“This does mean things are over for him and the Canadian judicial system is finished with him and he can get on with his life.”

In 1995, the RCMP received complaints from two men who said MacIntosh, a businessman and a one-time political candidate living in Port Hawkesbury, abused them back in the 1970s when they were boys.

Over the years, more complainants emerged and the list of charges grew to more than 40 counts of sexual abuse involving nine alleged victims.

Even though police knew exactly where MacIntosh was living in India, he wasn’t extradited until late 2007; more than 11 years after the first charges were laid. Once back in Nova Scotia, it took almost three years for a trial to be held.

During the first trial, he was convicted of 13 counts of gross indecency and indecent assault and sentenced to four years in prison. In a second trial, MacIntosh was convicted on another four counts and sentenced to another 18 months in jail.

MacIntosh’s lawyers appealed those convictions to the Nova Scotia Court of Appeal, arguing the 11 years it took to extradite him from India, plus the three-year delay in getting to trial once he was back in Nova Scotia, violated his charter rights to be tried within a reasonable time period.

What are the arguments?

The Crown argued most of the blame for the almost 14-year case should be placed on MacIntosh’s shoulders.

Prosecutors said he was notified of the charges during a phone call he received in 1996 while living in India from the investigating officer in Cape Breton, telling him they had issued an arrest warrant for the two charges they had laid at the time.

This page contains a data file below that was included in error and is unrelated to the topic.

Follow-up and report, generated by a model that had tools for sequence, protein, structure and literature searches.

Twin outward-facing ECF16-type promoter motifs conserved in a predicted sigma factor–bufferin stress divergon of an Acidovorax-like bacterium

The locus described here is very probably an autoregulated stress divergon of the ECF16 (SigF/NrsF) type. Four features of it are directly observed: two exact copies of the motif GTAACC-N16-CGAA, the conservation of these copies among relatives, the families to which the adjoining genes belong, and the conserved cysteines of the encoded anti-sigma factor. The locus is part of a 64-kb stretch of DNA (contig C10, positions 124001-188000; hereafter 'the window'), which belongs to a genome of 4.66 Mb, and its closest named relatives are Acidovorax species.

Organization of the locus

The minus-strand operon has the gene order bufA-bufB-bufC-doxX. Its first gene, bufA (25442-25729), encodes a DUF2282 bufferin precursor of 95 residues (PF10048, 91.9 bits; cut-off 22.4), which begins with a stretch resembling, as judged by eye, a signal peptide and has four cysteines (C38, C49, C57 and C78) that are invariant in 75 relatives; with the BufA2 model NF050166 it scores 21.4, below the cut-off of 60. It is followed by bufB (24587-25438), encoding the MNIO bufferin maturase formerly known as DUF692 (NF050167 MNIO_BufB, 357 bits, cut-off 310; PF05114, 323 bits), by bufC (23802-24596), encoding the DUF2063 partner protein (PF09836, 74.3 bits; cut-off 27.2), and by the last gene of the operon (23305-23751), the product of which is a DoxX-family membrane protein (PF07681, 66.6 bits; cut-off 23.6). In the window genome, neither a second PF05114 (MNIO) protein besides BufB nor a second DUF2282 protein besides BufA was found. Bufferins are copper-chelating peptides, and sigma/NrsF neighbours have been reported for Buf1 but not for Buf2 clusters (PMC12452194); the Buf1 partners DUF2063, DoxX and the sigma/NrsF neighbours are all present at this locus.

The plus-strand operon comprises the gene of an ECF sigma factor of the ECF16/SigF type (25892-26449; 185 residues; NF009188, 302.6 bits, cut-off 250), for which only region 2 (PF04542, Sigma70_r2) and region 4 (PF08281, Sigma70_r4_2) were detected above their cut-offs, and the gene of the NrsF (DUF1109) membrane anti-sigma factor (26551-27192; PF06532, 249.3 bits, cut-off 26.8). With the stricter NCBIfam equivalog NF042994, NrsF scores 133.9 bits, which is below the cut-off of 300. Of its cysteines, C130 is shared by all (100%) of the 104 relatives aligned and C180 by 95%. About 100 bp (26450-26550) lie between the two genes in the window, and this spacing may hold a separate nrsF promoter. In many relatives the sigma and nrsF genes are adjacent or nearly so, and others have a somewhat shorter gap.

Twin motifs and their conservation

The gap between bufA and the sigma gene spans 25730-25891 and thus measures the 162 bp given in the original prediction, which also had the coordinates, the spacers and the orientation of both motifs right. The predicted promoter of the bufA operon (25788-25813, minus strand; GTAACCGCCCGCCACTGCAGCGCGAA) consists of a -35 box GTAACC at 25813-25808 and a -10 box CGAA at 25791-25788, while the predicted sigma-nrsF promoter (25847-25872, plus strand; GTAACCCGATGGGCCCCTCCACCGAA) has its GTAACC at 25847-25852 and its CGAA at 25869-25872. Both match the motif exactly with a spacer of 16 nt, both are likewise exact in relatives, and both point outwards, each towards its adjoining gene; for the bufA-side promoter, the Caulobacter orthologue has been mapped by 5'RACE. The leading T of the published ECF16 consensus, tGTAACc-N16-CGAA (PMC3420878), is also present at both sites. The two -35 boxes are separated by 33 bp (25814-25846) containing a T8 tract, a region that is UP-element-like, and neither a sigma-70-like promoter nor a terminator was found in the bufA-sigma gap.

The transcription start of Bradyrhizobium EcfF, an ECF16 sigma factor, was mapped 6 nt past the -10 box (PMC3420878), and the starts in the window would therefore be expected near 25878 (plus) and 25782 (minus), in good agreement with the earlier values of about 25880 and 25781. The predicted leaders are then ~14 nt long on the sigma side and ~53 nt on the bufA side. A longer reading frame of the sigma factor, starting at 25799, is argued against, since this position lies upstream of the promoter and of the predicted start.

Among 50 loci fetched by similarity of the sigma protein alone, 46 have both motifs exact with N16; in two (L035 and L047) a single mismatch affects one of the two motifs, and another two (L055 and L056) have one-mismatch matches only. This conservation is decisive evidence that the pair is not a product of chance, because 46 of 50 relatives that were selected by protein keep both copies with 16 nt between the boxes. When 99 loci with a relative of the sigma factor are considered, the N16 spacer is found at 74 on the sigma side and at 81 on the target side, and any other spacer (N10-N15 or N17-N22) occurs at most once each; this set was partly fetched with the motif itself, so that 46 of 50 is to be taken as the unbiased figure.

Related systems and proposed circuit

The Crown contends if MacIntosh was interested in a speedy trial to clear his name, he could have returned to Canada voluntarily to face the charges, but instead chose to stay in India until he was finally extradited a decade later.

In an argument filed with the court, the Crown said MacIntosh is turning the shield of the charter into a sword to fight his convictions. They also argue that even with the delay, it’s in society’s interest to have these serious charges of the sexual abuse of children decided in court on their merits and not thrown out on legal technicalities.

The Supreme Court of Canada agreed to hear the case of Ernest Fenwick MacIntosh in June 2012.

The Supreme Court of Canada agreed to hear the case of Ernest Fenwick MacIntosh in June 2012. (Adrian Wyld/Canadian Press)

Nova Scotia first made the extradition request to Ottawa in 1998, although it was paused for a couple of years in late 1999 while new complainants came forward. No one has ever explained why the request sat on someone’s desk in Ottawa between 2001 to 2006, before the formal extradition request was made to authorities in India.

Casey said his client didn’t learn about the charges until 1998 when he received notice his passport was going to be revoked.

“He contacted the passport office through his lawyer and said, ‘What’s the problem?’ Asked for disclosure of the file that had led to this decision and they decided they would reinstate his passport instead of disclosing the file information to him. He took from that whatever the allegation was had gone away or wasn’t being proceeded with,” said Casey.